Yes yes yes. I've considered no longer blogging because it's essentially how I keep friends and family back home up to date on whats going on, but I hardly ever hear news from them, even if I ask it's often just "same old"... I mean, my life here is "same old" right now, but there's still something I can say!
Anyway, your tips are great, and is a great follow up to the previous post on the topic!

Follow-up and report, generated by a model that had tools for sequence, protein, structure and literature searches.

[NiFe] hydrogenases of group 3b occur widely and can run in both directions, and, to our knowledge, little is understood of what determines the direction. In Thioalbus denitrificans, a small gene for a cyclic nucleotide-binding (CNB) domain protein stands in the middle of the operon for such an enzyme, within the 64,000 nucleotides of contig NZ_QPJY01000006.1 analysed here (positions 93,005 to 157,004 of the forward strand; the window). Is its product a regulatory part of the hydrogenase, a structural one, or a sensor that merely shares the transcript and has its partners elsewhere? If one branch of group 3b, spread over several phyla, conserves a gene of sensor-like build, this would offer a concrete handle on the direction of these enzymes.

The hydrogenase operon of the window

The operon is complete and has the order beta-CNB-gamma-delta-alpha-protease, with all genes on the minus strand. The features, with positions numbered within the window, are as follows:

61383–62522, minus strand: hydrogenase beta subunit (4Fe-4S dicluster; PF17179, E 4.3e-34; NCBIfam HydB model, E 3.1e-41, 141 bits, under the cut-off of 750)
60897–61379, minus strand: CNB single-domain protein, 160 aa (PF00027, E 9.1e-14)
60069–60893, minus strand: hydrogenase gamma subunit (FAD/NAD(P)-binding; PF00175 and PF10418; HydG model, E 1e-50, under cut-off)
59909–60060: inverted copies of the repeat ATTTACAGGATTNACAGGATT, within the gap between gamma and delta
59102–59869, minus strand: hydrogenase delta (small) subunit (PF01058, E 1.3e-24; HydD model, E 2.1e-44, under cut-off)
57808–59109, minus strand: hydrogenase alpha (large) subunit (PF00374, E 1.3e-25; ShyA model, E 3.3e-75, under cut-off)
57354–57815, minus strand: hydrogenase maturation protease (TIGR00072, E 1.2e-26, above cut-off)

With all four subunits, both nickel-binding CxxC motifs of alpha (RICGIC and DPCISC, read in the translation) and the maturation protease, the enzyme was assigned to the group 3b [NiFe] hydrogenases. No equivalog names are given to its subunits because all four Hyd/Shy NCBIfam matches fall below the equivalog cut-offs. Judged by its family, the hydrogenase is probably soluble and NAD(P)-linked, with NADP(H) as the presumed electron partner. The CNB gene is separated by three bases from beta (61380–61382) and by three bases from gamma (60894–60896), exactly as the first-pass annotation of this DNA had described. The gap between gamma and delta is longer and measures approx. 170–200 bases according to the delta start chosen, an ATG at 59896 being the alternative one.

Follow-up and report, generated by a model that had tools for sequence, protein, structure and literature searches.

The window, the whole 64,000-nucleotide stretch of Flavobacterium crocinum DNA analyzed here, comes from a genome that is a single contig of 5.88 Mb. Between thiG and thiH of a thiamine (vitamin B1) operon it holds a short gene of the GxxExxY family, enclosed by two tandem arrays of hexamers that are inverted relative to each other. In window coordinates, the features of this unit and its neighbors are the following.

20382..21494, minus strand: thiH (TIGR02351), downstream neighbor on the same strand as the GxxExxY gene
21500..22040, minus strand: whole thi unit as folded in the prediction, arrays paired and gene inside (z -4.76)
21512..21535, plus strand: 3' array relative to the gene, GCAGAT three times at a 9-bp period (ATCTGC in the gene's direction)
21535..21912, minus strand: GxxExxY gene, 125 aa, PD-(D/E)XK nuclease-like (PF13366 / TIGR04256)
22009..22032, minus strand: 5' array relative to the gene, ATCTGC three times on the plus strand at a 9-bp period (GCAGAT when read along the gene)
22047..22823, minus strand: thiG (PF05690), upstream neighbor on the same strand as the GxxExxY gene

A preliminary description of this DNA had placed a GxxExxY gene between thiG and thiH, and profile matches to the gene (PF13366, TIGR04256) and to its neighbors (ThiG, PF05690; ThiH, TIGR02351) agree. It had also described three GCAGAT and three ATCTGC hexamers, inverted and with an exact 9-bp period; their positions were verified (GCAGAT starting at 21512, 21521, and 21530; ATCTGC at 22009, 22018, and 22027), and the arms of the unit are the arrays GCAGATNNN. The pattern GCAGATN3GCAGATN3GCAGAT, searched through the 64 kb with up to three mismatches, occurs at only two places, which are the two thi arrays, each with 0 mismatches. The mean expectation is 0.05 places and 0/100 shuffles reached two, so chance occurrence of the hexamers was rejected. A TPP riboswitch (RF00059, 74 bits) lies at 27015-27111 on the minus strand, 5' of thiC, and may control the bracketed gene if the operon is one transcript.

Anonymous said...

Most of out family lives over seas so staying connected is important, but yet so difficult. It is hard for them to leave now that we have time you see my baby she will be 3...! And it is the truth. We just skype at often as schedules allow. As for friends, from my experience, life goes on without you and they FEEL like you no longer connect, and they assume you will eventually return - I did - and THEN you can be friends again. :) Oh expat life! I LOVED care packages though!

Unknown said...

I love my family they went back home and it's hard on me